Its no picnic for independent filmmakers

NEW YORK – Tom DiCillo’s Living in Oblivion is a cult classic – which means most people have never heard of it.

Speaking at the film’s showing here May 22, as part of the Golden Age of Cinema Film Festival, writer-director DiCillo described his motivation for the 1995 film. “[I was] either going to kill myself or kill somebody.”

Sure, DiCillo’s first film, Johnny Suede, starred an unknown Brad Pitt. But it took four years to make and played in New York for exactly one week. Such is the life of an independent filmmaker.

DiCillo, who is now seeking a distributor for his latest, Double Whammy (which will be shown at the festival July 2), was then looking for a producer for Box of Moonlight, which would star John Turturro.

Unfortunately, what happens with one film has a big impact on the next and suddenly DiCillo couldn’t raise the money for Box of Moonlight. So, suffering those suicidal and homicidal tendencies, he was drowning his sorrows at a relative’s wedding when, after three martinis, he came up with the idea for Living in Oblivion – a day in the unglamorous life of the director of a no-budget film.

It was an independent film in the truest sense. The overall financing came from DiCillo’s wife’s cousin and the actors even put up money for their parts.

Steve Buscemi, who plays the director and has starred in Ghost World, Fargo, Reservoir Dogs and some 70 other films, was trying to get his own movie, Trees Lounge, off the ground without any luck.

“I figured I could play a director,” Buscemi said, “even if I couldn’t be one.”

Living in Oblivion, which also featured Catherine Keener, Dermot Mulroney and James LeGros, started out as a half-hour movie shot on 16 mm film. DiCillo soon realized, though, that it was too long for a “short” and too short for a feature.

“If I was going to get it shown, I had to expand it,” he said. Thus, what started out as the entire film became the first sequence of the three-part final product.

It went on to win the Waldo Salt Screenwriting Award at the Sundance Film Festival, and DiCillo eventually secured the funding for Box of Moonlight. He followed that in 1997 with The Real Blonde, which starred Matthew Modine and Keener.

Now he’s completed Double Whammy, which stars Buscemi, Denis Leary (“The Job”), Elizabeth Hurley, Donald Faison (“Scrubs”), Chris Noth (“Sex and the City”) and indie-favorite Luis Guzmán.

A comic cop movie, Double Whammy presents a gallery of New York eccentrics, including Homicide Detective Ray Pluto (Leary), voluptuous chiropractor Dr. Ann Beamer (Hurley), Pluto’s loyal partner Jerry Cubbins (Buscemi), as well as tattoo-loving teenagers, young thugs and aspiring screenwriters.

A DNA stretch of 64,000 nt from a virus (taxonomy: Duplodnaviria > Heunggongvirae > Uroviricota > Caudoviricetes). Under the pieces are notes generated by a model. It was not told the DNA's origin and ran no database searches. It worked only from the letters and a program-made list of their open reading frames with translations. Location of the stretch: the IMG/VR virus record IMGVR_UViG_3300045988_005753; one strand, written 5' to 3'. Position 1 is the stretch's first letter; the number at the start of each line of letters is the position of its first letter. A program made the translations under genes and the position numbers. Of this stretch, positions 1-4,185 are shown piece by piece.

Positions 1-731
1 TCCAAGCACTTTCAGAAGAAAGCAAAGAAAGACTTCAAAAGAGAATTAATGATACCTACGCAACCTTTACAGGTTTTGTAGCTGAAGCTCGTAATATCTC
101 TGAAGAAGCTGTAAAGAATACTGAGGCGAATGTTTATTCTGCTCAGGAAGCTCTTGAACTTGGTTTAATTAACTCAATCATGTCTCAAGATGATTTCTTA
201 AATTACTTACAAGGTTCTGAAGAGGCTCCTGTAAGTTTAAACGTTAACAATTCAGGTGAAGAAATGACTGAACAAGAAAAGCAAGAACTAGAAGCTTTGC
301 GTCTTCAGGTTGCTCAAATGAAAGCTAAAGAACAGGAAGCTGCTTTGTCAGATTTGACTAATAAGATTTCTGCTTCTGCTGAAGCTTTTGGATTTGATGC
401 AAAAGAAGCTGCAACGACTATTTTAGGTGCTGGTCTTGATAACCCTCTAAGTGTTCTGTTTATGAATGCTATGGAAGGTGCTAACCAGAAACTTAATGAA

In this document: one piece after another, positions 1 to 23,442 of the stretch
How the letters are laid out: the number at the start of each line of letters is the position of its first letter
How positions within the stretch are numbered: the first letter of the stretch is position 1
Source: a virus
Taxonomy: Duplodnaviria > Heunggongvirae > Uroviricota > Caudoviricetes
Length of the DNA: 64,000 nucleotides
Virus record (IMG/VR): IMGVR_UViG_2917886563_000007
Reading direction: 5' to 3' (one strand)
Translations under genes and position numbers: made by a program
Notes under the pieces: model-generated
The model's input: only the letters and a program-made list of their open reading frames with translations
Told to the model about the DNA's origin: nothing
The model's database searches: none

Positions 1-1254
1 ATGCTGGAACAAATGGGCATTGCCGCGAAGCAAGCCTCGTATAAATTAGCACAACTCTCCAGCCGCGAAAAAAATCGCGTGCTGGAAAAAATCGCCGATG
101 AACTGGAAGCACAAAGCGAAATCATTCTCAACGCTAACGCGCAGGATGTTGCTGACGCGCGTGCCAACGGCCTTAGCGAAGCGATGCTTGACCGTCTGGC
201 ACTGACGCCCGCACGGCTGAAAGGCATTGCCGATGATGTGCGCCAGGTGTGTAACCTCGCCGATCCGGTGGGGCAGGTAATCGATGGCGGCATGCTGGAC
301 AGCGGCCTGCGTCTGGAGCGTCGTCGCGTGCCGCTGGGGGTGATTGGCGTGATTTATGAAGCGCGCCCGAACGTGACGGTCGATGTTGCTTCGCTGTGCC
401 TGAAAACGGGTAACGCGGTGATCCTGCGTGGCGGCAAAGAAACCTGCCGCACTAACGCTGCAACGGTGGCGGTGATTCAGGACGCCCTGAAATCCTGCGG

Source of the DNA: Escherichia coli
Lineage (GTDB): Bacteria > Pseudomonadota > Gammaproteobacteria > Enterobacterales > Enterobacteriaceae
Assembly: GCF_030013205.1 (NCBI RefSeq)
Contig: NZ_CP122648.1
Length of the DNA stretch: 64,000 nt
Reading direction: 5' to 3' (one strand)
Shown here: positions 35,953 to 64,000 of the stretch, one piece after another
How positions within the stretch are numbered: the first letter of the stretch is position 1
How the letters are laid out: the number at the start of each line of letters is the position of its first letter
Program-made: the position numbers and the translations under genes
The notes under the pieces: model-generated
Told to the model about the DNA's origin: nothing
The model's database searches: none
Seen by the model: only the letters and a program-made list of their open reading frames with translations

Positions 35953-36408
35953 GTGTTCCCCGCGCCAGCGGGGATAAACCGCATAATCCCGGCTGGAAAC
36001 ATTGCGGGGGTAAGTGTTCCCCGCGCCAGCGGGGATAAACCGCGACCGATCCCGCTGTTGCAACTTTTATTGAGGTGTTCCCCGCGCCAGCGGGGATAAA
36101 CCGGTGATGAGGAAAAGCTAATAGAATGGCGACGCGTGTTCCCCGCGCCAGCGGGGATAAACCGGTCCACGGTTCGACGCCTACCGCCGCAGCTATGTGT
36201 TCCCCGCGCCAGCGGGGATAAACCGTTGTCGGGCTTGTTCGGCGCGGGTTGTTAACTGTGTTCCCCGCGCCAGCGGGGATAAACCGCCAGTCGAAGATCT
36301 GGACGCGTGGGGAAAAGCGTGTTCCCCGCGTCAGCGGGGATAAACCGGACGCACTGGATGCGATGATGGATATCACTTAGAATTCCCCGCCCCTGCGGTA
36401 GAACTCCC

“It is an ode to the vibrant diversity of New York City, where the film was shot in its entirety,” according to Golden Age of Cinema Director Zhenya Kiperman.

In fact, DiCillo had to buck the producers, who wanted Double Whammy shot in non-union Toronto instead. “No one will know the difference,” they argued. DiCillo, all of whose films have been shot here, refused to give in on this point.

He described one compromise he did make, though. One of the money men insisted on a part in Double Whammy for his karate instructor, who wanted to “get into acting.” DiCillo was going to refuse but “$4 million is $4 million” so he agreed to give him a try.

Unfortunately, the 39-year-old martial arts master wanted to play one of the 18-year-old budding screenwriters. Worse, he could not act to save his life! DiCillo eventually let him play a reporter in a three-line role. His delivery of those lines was so bizarre that I looked up from my note-taking to see what was wrong with him. That’s when I remembered DiCillo’s story.

As DiCillo said, $4 million is $4 million, and “independence” doesn’t mean freedom in the world of film.

Double Whammy was a huge hit at its Sundance screening in January 2001 – “even at the ungodly hour of nine o’clock a.m.” – according to festival reports. In fact, it was the first film at the festival to be picked up, with Lions Gate Entertainment paying $1 million for the domestic distribution rights.

Unfortunately, a year later they jumped ship and now DiCillo is again looking for a distributor. Such is the tortured existence of independent filmmakers. Why do they continue to do it? Simple. They love making movies and they want to make the movies they love.

The author can be reached at crummel@cpusa.org